State ratifying conventions facts for kids
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State ratifying conventions are one of the two ways established by Article Five of the United States Constitution for ratifying proposed constitutional amendments. Ratifying conventions have only been used on one occasion. This was in 1933 and was used to ratify the 21st Amendment. All other proposed constitutional amendments have been offered to the state legislatures for ratification.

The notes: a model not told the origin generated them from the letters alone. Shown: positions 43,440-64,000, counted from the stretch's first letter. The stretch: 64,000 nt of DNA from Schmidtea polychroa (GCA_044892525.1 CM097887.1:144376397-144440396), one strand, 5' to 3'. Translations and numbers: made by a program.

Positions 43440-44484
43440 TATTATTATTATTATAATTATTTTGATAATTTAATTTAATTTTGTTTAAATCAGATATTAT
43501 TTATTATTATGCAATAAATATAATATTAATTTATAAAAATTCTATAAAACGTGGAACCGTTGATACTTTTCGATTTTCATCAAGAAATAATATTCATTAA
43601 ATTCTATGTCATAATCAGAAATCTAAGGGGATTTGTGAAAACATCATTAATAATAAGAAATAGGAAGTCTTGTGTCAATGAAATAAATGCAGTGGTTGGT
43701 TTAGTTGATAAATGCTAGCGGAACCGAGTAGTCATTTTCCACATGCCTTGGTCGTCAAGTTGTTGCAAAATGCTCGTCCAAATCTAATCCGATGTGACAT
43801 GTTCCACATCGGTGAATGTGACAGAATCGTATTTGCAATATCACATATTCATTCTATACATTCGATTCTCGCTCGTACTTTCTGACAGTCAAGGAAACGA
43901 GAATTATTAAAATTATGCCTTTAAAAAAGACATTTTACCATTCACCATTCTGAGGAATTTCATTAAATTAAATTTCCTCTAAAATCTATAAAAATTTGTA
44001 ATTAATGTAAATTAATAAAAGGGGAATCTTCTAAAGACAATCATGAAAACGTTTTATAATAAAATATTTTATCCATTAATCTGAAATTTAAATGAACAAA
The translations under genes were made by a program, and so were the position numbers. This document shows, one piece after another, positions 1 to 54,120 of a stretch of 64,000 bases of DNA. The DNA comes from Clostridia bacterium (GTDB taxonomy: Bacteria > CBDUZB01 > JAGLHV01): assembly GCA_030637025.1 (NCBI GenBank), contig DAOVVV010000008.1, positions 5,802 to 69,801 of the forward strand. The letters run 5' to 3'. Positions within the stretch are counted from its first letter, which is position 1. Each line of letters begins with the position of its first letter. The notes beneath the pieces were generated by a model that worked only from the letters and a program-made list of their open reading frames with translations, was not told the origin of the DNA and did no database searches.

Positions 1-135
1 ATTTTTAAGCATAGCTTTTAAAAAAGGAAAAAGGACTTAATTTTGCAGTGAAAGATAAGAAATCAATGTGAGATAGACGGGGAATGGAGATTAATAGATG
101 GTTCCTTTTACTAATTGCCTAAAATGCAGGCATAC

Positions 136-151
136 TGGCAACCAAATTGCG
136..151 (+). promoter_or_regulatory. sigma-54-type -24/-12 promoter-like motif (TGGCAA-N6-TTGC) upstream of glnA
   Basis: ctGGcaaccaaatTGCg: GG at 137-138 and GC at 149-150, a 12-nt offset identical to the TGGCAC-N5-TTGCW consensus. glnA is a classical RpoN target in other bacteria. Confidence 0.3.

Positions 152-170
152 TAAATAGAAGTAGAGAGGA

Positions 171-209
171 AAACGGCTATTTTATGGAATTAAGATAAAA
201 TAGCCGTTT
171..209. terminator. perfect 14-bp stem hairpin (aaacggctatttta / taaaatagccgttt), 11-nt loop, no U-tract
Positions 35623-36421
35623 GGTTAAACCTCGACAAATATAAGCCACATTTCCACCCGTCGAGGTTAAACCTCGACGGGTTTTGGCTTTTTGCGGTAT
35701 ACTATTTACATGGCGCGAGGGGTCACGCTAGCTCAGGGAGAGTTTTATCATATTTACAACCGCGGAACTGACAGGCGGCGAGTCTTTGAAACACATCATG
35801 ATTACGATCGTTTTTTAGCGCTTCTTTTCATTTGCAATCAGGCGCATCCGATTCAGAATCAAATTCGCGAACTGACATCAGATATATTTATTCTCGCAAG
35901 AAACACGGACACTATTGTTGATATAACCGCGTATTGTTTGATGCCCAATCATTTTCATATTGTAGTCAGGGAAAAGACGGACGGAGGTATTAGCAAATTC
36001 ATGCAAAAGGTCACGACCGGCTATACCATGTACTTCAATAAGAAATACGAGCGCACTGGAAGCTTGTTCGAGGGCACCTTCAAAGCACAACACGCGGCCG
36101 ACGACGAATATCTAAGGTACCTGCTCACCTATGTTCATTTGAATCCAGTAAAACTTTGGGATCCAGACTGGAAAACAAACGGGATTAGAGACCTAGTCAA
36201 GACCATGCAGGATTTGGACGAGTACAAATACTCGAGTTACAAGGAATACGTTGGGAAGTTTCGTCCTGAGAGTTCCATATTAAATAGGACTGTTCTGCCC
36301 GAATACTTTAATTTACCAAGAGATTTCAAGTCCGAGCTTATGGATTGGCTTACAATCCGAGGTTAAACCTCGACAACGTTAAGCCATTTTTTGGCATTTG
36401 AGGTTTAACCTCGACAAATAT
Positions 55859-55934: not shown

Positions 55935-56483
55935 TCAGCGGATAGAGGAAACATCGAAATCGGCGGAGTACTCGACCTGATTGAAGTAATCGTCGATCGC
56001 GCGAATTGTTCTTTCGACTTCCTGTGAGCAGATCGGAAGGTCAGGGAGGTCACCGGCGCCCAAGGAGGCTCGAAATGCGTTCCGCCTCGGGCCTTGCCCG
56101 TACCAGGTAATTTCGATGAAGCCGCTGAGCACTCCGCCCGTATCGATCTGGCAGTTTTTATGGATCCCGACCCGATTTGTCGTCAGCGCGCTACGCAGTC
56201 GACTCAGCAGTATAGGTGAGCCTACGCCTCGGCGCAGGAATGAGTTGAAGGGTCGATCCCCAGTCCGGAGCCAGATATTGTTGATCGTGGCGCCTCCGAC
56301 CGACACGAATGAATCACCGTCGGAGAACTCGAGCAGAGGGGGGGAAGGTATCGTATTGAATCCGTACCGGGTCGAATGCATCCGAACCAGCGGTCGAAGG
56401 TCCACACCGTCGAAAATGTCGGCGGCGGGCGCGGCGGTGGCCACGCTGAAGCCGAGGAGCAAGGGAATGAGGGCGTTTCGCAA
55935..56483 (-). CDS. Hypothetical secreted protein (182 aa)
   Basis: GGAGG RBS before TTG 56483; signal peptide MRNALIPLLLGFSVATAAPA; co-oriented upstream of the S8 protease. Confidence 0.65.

The Constitution also provides that state ratifying conventions may also be used to propose a constitutional amendment. However, to date, none of the 27 amendments to the Constitution have been proposed by state conventions. A state ratifying convention may be called by a two-thirds vote by a state legislature.
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